Refugee volunteers? Easier said than done

By March 27, 2023

Middle East/North Africa (MNN) — Countries in the Middle East North Africa (MENA) region hosted at least six million refugees at the end of 2022. Most of these refugees came from either Syria or Iraq.

Many host communities in the MENA view refugees as a “blight” or the scourge of broader society. In Lebanon, for example, the blame for government corruption and mismanagement often falls on Syrian refugees.

An emerging trend turns this concept on its head. Instead of being a societal detriment, many refugees want to give back.

“[It is] very interesting to see (Christian) leaders from Egypt, Morocco, Tunisia, Jordan, Syria, [and] Lebanon looking at volunteer management,” Fadi Sharaiha with MENA Leadership Center says.

“They’re [saying], ‘We have refugees who want to be volunteers. How can we do this (train them)?’”

Refugee volunteers seem like a simple solution to meet increasing demand. “Because of the economic crisis [in the MENA], Christian ministries want to do more,” Sharaiha says.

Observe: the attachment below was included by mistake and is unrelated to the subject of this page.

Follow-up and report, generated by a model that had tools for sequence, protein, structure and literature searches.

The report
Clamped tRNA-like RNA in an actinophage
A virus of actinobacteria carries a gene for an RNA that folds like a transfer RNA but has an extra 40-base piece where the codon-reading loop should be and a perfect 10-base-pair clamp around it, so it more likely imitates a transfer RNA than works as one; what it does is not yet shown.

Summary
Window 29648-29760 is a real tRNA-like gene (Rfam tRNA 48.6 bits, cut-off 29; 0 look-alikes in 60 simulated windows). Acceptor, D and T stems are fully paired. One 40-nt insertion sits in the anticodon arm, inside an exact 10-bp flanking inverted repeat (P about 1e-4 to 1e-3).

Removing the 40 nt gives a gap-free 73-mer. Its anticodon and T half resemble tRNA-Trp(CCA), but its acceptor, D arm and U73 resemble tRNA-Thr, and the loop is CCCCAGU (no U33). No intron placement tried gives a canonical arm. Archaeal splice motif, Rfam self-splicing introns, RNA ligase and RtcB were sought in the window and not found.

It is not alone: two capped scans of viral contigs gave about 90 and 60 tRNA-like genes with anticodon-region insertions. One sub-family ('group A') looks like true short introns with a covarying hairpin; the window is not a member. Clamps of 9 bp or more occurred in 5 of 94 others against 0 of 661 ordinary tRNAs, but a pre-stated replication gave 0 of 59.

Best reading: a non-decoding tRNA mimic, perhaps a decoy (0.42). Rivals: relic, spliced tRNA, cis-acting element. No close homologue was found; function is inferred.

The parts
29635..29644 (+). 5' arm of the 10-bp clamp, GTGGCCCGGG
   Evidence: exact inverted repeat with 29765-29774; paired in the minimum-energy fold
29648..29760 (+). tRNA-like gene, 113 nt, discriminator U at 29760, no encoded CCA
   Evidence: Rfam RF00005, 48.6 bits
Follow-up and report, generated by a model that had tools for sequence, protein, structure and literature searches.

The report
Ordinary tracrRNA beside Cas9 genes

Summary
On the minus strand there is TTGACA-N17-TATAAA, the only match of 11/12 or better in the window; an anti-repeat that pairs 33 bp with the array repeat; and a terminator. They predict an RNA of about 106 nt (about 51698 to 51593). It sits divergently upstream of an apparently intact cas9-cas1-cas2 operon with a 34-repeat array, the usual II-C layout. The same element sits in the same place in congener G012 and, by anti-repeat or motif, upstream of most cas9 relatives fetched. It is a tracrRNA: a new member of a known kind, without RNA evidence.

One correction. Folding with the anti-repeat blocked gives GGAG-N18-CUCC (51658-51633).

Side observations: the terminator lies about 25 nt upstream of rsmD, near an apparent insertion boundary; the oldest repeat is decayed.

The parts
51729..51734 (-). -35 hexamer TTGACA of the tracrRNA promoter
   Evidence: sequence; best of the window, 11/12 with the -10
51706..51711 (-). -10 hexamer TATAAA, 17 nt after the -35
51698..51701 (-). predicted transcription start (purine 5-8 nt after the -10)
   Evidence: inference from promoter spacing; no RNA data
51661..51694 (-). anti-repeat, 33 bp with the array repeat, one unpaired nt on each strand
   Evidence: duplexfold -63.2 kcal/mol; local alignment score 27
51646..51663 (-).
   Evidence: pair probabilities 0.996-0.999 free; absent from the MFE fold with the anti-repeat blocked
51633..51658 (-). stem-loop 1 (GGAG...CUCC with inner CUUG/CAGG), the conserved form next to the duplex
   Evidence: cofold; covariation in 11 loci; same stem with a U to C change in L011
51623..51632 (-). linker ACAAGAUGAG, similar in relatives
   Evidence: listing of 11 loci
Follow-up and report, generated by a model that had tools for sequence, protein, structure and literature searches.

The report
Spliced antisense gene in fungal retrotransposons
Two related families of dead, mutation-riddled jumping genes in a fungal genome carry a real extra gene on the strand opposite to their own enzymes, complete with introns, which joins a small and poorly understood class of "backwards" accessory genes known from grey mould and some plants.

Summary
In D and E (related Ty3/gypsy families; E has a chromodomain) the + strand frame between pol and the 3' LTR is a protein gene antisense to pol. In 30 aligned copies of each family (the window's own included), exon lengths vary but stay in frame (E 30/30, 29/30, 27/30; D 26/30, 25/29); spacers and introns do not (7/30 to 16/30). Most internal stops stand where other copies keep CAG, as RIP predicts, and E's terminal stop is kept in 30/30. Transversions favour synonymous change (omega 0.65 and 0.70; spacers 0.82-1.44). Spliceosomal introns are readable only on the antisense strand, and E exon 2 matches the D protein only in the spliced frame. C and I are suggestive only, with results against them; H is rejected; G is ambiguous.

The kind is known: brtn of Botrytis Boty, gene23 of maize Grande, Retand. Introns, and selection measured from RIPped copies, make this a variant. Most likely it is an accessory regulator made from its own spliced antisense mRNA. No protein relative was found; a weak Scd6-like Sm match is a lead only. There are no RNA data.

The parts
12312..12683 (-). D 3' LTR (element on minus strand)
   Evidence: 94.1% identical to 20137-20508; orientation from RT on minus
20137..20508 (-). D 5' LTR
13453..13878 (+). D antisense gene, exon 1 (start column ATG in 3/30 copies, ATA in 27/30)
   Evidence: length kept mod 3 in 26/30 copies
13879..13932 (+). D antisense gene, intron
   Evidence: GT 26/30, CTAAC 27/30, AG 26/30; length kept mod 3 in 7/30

“Whether it’s a food bank or outreach, they want to do more. They want to help people in the streets.”

Distributing aid to refugees.
(Photo courtesy VOM USA)

There’s only one problem. “It’s very tricky [working] with refugees regarding volunteering. You need not to build [refugee] expectations [of paid employment] but also be realistic” about the needs of your organization, Sharaiha says.

Gospel workers turned to MENA Leadership Center for help. “The MENA Leadership Center is a one-stop shop for capacity-building, training, and coaching for Christian leaders in the Middle East and North Africa,” Sharaiha says.

Earlier this month, nearly 40 leaders representing 18 Christian ministries attended a refugee management course orchestrated by MLC. Pray the course will help believers organize and orchestrate refugee volunteer management programs throughout the MENA.

MLC needs help from believers like you to keep enrollment costs low for Christian leaders. More about that here.




Header image depicts a sticker on a street lamp in Sebnitz, Germany on March 22, 2022. (Wikimedia Commons)

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